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I've been dismayed at the recent flap about privacy of your contact information (address book), and the apps that upload it to their servers without asking. Particularly, I was annoyed at industry media coverage which perpetuates a false dichotomy of privacy vs social functionality.

I can understand that journalists won't have any clue what hashing is, but I was disturbed at how many developers hadn't even heard of it either. It was definitely covered in my CS degree at the University of Glasgow!

I decided to write a suitable-for-all, non-technical piece on what hashing is, and how it can be used to (somewhat) address privacy concerns whilst still providing social-media functionality in apps. It's snarky, of course!
Adam Robbie's profile photoHarald Wagener's profile photoPeter Dickman's profile photoMatt Gemmell's profile photo
Lovely article. I'm busily sharing it with colleagues who work closely with journalists. I know (and understand and agree with your motivation) that you don't allow comments on your blog, but I'm going to cheat and provide some feedback here since you didn't disable comments on this G+ post. Two contributions:

You missed one possible complaint and rebuttal which might otherwise confuse a less technical person and which might be worth adding to the FAQ at the end for completeness (after rewriting into your eloquent style of course):

Apparent problem: Suppose I know that and are actually the same email address, for all foo, which is indeed the case. Or that is the same as Then if I have the actual email addresses I could use that knowledge and form useful connections, which wouldn't be possible if I only have the hashed versions.

Resolution: There are relatively few such rewriting rules and they are quickly and easily expressed in a compact form using some more magic, called regular expressions. Instead of uploading the original email addresses and doing the matching at the server, it's perfectly possible to download those rewrite rules along with the hashing software and do a tiny magic trick, called normalisation, at the client's device immediately before applying the hashing. This would ensure that the hash values come out the same regardless of which of the equivalent forms was used in the address book.

I think your privacy example with the asymmetric link between Bob and Jane is flawed. Suppose that B has J's email address in their address book, but J does not have B's email address. You argue that if B joins the service, then J joins later, no link needs to be (or perhaps even should be) formed from B to J. But in this asymmetric case, surely the order in which B & J join the service has no bearing on whether or not it's appropriate for the link to be formed. In your specific example, if J had joined first, I think you're allowing a link to be formed when B joins later, since J's hashed email address is known (as a client of the service) and B has the hashed version of J's email address in their uploaded address book.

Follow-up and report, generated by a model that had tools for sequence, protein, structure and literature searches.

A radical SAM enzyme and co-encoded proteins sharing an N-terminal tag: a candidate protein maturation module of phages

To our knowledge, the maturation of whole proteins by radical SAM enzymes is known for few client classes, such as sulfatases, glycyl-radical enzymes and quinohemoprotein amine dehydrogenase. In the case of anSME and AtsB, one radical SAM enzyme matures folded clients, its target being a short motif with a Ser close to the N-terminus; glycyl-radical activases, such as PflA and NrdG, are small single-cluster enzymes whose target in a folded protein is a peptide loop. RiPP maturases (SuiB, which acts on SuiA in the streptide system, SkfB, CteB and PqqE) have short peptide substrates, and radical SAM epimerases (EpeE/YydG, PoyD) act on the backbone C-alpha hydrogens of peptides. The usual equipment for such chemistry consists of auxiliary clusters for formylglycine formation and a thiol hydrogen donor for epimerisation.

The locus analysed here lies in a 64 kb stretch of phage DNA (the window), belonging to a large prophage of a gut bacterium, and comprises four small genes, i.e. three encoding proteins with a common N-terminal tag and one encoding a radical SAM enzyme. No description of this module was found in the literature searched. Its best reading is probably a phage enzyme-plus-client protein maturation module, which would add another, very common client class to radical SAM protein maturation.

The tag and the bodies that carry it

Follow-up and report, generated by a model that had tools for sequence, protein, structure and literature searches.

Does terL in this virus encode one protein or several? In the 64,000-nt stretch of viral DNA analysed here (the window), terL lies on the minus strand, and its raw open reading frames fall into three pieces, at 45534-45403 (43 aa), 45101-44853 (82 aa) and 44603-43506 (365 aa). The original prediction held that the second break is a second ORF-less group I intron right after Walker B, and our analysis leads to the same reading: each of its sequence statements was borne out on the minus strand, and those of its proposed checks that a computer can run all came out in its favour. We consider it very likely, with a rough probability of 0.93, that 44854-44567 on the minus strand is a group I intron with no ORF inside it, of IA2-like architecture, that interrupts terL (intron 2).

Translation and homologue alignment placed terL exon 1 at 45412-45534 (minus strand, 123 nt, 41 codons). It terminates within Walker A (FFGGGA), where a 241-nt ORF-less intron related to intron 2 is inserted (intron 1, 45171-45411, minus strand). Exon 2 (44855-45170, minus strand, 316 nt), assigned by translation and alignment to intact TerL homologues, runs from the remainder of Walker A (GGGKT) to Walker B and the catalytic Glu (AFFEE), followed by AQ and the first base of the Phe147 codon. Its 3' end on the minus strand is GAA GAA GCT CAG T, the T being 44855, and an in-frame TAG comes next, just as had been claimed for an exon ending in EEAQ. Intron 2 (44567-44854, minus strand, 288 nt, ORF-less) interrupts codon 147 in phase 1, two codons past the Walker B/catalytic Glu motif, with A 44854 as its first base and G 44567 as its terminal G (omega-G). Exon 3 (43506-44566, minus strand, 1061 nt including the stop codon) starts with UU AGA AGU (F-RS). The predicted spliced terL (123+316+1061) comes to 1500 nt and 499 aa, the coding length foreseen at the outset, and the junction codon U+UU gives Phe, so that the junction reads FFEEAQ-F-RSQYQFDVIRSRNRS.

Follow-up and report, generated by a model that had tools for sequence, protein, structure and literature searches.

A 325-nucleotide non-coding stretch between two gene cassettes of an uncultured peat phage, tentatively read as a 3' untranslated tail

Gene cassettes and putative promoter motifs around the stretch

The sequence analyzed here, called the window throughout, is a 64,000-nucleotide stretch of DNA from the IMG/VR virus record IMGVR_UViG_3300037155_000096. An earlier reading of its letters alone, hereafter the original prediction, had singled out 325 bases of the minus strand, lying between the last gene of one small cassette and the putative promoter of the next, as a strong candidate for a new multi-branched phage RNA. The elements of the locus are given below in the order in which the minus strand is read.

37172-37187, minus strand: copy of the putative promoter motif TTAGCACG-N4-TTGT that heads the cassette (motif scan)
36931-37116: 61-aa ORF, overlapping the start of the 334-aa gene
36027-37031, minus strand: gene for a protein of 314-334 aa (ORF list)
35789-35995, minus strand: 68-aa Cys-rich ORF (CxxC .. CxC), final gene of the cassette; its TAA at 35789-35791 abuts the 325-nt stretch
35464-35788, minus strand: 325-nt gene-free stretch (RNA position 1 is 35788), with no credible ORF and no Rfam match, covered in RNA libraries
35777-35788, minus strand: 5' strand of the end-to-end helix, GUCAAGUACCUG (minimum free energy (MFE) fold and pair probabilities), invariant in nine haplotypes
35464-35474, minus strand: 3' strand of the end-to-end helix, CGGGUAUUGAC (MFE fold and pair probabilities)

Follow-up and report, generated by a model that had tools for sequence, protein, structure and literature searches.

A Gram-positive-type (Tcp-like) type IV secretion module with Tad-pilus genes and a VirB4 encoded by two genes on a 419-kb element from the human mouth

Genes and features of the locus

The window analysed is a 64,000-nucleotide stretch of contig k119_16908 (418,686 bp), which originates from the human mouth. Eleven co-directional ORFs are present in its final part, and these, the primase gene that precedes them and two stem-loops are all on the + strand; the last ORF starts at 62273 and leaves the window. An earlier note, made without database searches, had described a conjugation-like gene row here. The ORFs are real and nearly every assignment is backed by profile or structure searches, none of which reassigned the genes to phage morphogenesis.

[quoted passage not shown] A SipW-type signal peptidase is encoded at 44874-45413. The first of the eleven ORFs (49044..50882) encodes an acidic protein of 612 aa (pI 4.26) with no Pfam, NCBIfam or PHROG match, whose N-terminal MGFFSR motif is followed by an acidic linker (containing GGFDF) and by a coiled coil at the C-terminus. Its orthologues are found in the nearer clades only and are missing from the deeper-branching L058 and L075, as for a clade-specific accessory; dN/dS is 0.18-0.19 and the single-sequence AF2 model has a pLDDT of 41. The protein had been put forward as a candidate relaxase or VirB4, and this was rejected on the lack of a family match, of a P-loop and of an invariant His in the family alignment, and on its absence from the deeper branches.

Order-invariance will give an easier to understand principle: that B is linked to J (or not), regardless of the order in which they join the service. i.e. links are either uni-directional (Twitter & G+) or bi-directional (Facebook).

Another privacy example worth thinking about is: what happens if B & C don't know each other and both join the service, J does not join, and both B & C have J's email address? It might in theory make sense to be able to tell them they have a friend in common, without being able to tell them who that person is; which requires retaining the hashed contacts lists. However, J might find it disconcerting if B & C have their attention drawn to the fact that they both know someone, and are then able to determine that the mutual friend is J by comparing contacts lists.
Hi Peter,

Thanks for the response - I'm glad you enjoyed the piece. It might well have been you who taught me about hashing in the first place. :)

In response to your points:

1. Indeed, the issue of normalisation is well worth adding to the FAQ. In fact, it was raised on Twitter in response to the article, though the example was phone numbers and the various formats they can take (assorted punctuations of area codes, presence or absence of international country codes, etc). The person in question seemed to think that this was an insurmountable objection to hashing, but I did point out that well-defined client-side normalisation gets rid of the issue. Another example of a relatively basic Comp Sci concept that's worryingly little-known by some developers, perhaps?

2. Good point; the order of joining does expose a privacy (and indeed semantic) flaw in using address books to find "friends". My position is that, as you say, the order of joining should have no bearing on the inherent validity of the connection, and that for information-exposing services (like Facebook, Path, iOS' "Find My Friends", etc), that the only valid connection is an explicitly symmetrical/bi-directional one.

Your point about the mutual acquaintance is well taken - I'd classify it as another example of "good for the service, (potentially) bad for the users".

I'll update the post with your points - thanks!
You're welcome; I'll look forward to the update.

Incidentally, I suspect it might have been Rob Irving or Ron Poet that covered hashing, but am not certain. I'm fairly sure my courses assumed it was elsewhere in the curriculum.
Every time I see your post I want some cornbeef and hash. Thanks Matt.
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